Dorothee Schumacher’s perfect weekend in Berlin

For nearly three decades, the designer’s label has stood for effortlessly chic clothing and accessories in exquisite materials and with flashes of beautifully judged eccentricity

Dorothee Schumacher at Berlin's Secret Garden
Dorothee Schumacher at Berlin's Secret Garden | Image: Robbie Lawrence

“For many years, my son Max and I would rise early on a Saturday morning and go riding in Bucher Forst; he would always give me the better horse and we would gallop through the forest. He has moved his polo horses to Hamburg now, but I cherish the memory and would ride there every weekend if I could. These days, I’m woken early by my two Newfoundlands, Liz and Luna, and I’ll take them for a walk in Tiergarten, the inner-city park. With dogs, four children and my business, I have always been an early riser: if you don’t do it early, you never will. 

Afterwards I’ll have gravadlax for breakfast on the terrace at Das Stue hotel and sit looking out at the animals in the zoo, before popping into my shop to see my stylists and clients. Often, if I meet a customer with a great life story, I invite them for coffee across the road at Sets café. I like talking to the women who wear my clothes, as their lives are usually multifaceted and unconventional.  

Then I’ll head to Mitte for a stroll; the area is like nowhere else in Germany – it’s very inspiring and open, full of artists and young entrepreneurs, all speaking English, and there’s always something new going on. I try to capture some of the energy and take it with me when I go back to my studio, near Mannheim. 

On one of my recent strolls, I discovered Secret Garden, a former cabaret theatre from 1905 that was derelict for 80 years. It typifies the spirit of Berlin’s roaring ’20s, and a sensitive renovation has given it a super-modern spirit.

I’ll stop at Rianna + Nina. Rianna Kounou is a Greek woman who for 30 years has been making kaftans from vintage couture fabrics, and has now teamed up with young designer Nina Kuhn to launch their own collections. Their boutique is an explosion of colour. 

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I’ll also visit Ann-Kathrin Carstensen at her boutique, Rita in Palma. She works with women from Turkey, Kosovo, Syria and Lebanon who live in Berlin, to make hand-crocheted jewellery and accessories. We recently collaborated on a charity project, resulting in a limited edition necklace that supported Von Meisterhand, a foundation for migrant women living in Germany.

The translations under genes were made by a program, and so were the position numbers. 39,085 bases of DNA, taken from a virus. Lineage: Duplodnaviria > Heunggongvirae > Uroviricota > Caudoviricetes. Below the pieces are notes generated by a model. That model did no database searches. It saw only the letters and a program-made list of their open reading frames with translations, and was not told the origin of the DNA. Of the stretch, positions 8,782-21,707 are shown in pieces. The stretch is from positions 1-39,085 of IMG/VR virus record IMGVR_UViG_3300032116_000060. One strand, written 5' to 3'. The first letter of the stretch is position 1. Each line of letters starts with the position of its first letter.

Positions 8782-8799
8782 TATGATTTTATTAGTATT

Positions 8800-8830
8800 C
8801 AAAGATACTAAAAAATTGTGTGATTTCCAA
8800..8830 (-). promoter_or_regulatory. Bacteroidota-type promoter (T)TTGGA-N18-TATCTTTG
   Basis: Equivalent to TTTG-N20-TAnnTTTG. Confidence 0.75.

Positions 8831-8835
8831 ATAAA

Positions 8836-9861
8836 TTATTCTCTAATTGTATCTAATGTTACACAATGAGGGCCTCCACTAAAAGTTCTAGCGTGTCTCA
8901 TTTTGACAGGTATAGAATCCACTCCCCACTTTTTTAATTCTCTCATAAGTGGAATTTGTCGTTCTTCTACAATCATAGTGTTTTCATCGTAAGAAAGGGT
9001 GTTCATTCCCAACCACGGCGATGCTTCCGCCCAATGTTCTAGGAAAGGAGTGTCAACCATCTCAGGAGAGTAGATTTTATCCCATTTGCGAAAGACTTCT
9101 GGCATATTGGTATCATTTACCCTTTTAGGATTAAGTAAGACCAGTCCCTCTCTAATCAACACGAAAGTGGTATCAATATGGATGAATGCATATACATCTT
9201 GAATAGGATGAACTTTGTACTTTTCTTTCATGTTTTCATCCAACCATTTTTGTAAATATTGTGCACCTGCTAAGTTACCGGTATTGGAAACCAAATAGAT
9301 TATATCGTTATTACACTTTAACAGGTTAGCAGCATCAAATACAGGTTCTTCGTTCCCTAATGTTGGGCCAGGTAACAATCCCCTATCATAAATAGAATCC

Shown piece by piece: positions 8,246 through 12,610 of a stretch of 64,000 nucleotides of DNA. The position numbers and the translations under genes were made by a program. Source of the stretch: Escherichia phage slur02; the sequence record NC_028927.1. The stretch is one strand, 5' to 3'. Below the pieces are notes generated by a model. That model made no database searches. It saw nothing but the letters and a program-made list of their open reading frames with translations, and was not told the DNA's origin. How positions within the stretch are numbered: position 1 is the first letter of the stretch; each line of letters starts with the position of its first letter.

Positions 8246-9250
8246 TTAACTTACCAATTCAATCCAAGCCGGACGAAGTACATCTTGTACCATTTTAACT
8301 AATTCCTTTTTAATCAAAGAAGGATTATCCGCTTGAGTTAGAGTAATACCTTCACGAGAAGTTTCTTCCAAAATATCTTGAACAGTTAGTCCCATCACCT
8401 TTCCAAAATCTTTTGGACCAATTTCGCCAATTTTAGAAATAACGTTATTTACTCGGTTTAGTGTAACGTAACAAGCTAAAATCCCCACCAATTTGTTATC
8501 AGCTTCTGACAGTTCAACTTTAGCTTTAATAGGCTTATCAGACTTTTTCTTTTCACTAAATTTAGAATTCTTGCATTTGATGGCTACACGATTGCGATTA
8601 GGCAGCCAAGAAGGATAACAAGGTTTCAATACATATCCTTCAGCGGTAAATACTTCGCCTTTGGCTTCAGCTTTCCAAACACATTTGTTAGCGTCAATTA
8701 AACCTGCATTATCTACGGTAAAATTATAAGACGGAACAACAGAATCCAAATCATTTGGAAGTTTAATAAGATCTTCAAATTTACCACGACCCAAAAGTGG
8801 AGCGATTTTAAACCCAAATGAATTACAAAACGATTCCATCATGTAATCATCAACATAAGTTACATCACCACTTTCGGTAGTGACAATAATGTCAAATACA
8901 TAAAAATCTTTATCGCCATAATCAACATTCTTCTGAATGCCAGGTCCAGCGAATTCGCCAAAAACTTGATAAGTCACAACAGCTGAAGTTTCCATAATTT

Then I might pop into Soho House for an espresso. During Berlin Fashion Week, it becomes my interim office and I’ll even choose to stay here rather than at my own apartment in west Berlin.

In the evening I’ll meet my friend Kirsten Hermann at Pauly Saal, where we’ll drink pink champagne at the bar. It has a special aura, all dark-green velvet and wood, and we’ll sit and talk about family – and exhibitions. Kirsten owns Galerie für Moderne Fotografie and she always introduces me to new photographers, such as Ingar Krauss. But I’m not a good collector; if I see something I like, I just buy it, rather than thinking strategically. Then we’ll head to Pauly’s restaurant and usually I’ll have the set menu, although I love the eel and the lamb dishes too. Then it’s back to the bar for a nightcap and I’ll turn in just after midnight. 

On Sunday, I am woken by Liz and Luna pawing at me. I grew up in the countryside near Düsseldorf and was always with my horses and my dogs. People say I was like Pippi Longstocking; I love the comparison. 

I’ll meet my friend Siggi Spiegelburg, a fashion designer and legendary figure in Berlin, at the Tiergarten, and we’ll head to Borchardt – the dining room is in a former market hall – for a late lunch. It’s a favourite spot, serving German-French cuisine, and very much part of the city’s history and culture. I hosted a drinks party there last year during fashion week. 

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Then it’s time to get the hopper back to Mannheim, my country home. I’ll check in with the family on our WhatsApp group: my children are all over the world, so one is waking up as another is going to bed, but we are always connected.”

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